First little about Venice history
Venice, the World’s Mint
“Venice,” was the greatest commercial success of the Middle Ages a city without industry, except for naval-military construction, which came to bestride the Mediterranean world and to control an empire through mere trading enterprise. In the Fourteenth century she was in the ascendant to her greatest periods of success and power.”
And most importantly, Frederick Lane writes, “Venice’s rulers were less concerned with profits from industries than with profits from trade between regions that valued gold and silver differently.”
Between 1250 and 1350, Venetian financiers built up a worldwide financial speculation in currencies and gold and silver bullion, similar to the huge speculative cancer of “derivatives contracts” today. This ultimately dwarfed and controlled the speculation in debt, commodities, and trade of the Bardi, Peruzzi, et al. It took all control of coinage and currency from the monarchs of the time.
The banks of Venice were deceptively smaller and less conspicuous than the Florentine banks, but in fact had much greater resources for speculation at their disposal. The Venetian financial oligarchy as a whole, which ruled a maritime empire through small executive committees under the guise of a republic, centralized and supported its own speculative activities as a whole. The “Republic” built the ships and auctioned them to the merchants; escorted them with large, well-armed naval convoys of their empire, with naval commanders responsible to the ruling “Council of Ten” and the magistrates for the convoys' safety. This same oligarchy maintained several public mints and did everything possible to foster the centralization of gold and silver trading and coinage in Venice.
As Frederick Lane demonstrates, this was the dominant trade of Venice by no later than 1310. Like today’s “mega-speculators” in currencies and derivatives, such as the Morgan- and Rothschild-backed George Soros and Marc Rich, the Venetian banks and bullion-dealers were backed by large pools of capital and protection.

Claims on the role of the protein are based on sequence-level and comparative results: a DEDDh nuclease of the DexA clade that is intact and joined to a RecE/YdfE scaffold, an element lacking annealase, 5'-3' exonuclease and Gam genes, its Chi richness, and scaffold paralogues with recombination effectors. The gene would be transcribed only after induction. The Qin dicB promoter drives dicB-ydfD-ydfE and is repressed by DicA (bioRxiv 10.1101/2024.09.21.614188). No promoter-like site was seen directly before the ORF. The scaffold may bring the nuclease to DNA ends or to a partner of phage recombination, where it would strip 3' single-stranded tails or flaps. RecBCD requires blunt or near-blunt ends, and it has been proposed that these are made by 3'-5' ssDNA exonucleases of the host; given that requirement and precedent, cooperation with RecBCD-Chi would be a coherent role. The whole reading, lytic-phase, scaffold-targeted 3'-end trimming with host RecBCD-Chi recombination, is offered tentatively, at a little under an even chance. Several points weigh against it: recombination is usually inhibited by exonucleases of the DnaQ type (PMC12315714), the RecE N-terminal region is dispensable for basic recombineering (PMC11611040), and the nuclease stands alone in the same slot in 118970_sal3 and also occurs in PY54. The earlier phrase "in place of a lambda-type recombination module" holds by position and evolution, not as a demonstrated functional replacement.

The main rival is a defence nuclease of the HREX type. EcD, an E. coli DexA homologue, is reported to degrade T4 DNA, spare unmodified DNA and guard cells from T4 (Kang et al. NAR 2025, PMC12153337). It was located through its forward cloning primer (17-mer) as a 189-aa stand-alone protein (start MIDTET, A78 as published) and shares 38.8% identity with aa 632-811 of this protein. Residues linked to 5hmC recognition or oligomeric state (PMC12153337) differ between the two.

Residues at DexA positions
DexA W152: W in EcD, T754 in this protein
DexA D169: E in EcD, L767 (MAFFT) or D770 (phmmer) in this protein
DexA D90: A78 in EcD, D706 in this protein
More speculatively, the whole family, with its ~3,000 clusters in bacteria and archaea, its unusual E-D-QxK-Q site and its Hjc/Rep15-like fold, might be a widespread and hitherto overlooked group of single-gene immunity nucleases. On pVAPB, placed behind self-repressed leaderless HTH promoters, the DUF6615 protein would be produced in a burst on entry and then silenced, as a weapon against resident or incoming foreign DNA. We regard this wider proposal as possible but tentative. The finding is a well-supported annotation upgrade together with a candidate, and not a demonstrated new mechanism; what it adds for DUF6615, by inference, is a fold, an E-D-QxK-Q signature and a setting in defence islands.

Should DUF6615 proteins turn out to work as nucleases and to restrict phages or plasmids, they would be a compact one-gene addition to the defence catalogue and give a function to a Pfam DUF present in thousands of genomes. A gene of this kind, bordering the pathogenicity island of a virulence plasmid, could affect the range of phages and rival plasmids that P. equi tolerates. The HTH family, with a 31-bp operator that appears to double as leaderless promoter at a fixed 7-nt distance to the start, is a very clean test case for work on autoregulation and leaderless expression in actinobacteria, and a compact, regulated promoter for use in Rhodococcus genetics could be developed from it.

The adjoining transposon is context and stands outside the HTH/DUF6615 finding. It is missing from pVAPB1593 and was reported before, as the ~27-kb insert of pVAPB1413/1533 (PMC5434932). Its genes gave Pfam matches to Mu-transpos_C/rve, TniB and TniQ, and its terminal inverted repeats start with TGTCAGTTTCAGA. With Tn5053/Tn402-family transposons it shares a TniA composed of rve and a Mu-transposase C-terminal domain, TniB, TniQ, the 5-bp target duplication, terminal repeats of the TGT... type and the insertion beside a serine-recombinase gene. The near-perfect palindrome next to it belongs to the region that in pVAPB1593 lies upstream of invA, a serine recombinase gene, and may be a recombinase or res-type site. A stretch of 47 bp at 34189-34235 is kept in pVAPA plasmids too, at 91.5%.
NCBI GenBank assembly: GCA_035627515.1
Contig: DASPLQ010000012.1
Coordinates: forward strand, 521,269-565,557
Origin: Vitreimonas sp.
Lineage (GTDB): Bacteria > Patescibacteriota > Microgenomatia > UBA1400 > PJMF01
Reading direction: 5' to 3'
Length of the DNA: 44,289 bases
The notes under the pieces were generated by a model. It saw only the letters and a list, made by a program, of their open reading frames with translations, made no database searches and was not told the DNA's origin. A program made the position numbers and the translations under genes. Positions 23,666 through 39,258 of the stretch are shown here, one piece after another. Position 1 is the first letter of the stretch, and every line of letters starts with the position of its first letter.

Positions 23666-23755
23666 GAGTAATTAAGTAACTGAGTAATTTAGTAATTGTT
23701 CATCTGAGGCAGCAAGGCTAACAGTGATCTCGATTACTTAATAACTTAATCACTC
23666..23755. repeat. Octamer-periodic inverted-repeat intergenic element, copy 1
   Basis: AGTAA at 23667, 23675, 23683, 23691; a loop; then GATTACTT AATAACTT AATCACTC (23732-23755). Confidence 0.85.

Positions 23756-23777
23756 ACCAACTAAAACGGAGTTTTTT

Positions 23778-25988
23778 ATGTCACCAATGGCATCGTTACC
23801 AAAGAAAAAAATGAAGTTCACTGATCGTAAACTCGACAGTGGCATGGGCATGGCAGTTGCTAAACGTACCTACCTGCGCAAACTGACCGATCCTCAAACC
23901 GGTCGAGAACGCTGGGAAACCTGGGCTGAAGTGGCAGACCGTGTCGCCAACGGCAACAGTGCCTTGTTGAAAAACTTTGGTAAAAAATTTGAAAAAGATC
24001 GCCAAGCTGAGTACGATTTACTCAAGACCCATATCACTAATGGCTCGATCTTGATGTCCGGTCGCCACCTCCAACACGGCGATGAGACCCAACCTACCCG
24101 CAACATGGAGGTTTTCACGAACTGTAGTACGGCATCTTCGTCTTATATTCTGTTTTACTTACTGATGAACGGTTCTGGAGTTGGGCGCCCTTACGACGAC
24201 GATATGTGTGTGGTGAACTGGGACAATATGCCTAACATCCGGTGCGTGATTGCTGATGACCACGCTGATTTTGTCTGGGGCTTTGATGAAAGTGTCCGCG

The size of the Venetian bullion trade was huge: twice a year a “bullion fleet” of up to twenty to thirty ships under heavy naval convoy, sailed from Venice to the eastern Mediterranean coast or to Egypt, bearing primarily silver; and sailed back to Venice bearing mainly gold, including all kinds of coinage, bars, leaf, etc.
The profits of this trade put usury in the shade, although the merchants of Venice were also unbridled in that practice. Surviving instructions of Venetian financiers to their trading agents in these fleets, specify that they expected a minimum rate of profit of 8 percent on each six-month voyage from the exchange of gold and silver alone: 16-20 percent annual profit.
One astonishing speech to the Council of Ten by Doge Thomasso Mocenigo, from a time after the 1340’s financial crash, goes further. Compare the magnitude of these figures to those discussed earlier for the Papacy, for England, and for Florence (keeping in mind that the Venetian standard coin, the gold ducat, was roughly comparable to the Florentine gold florin): “In peacetime this city puts a capital of 10 million ducats into trade throughout the world with ships and galleys, so that the profit of export is 2 million, the profit of import is 2 million, export and import together 4 million [from the two annual voyages, 40 percent profit—PBG]. ... You have seen our city mint every year 1,200,000 in gold, 800,000 in silver, of which 5,000 marks (20,000 ducats) go annually to Egypt and Syria, 100,000 to your places on the mainland of Italy, to your places beyond the sea 50,000 ducats, to England and France each 100,000 ducats ... .”
How was this possible?
Not by private enterprise, but by imperial Venetian “state usury.” The gold from the East was being looted out of China (until then the world’s richest economy) and India by the murderous Mongol Empires, or being mined in Sudan and Mali in Africa and sold to Venetian merchants, in exchange for greatly overvalued European silver. The silver from the West was being mined in Germany, Bohemia, and Hungary, and sold more and more exclusively to Venetians with bottomless supplies of gold at their disposal. Coinages not of Venetian origin were disappearing, first in the Byzantine empire in the Twelfth century, then in the Mongol domains, and then in Europe in the Fourteenth century.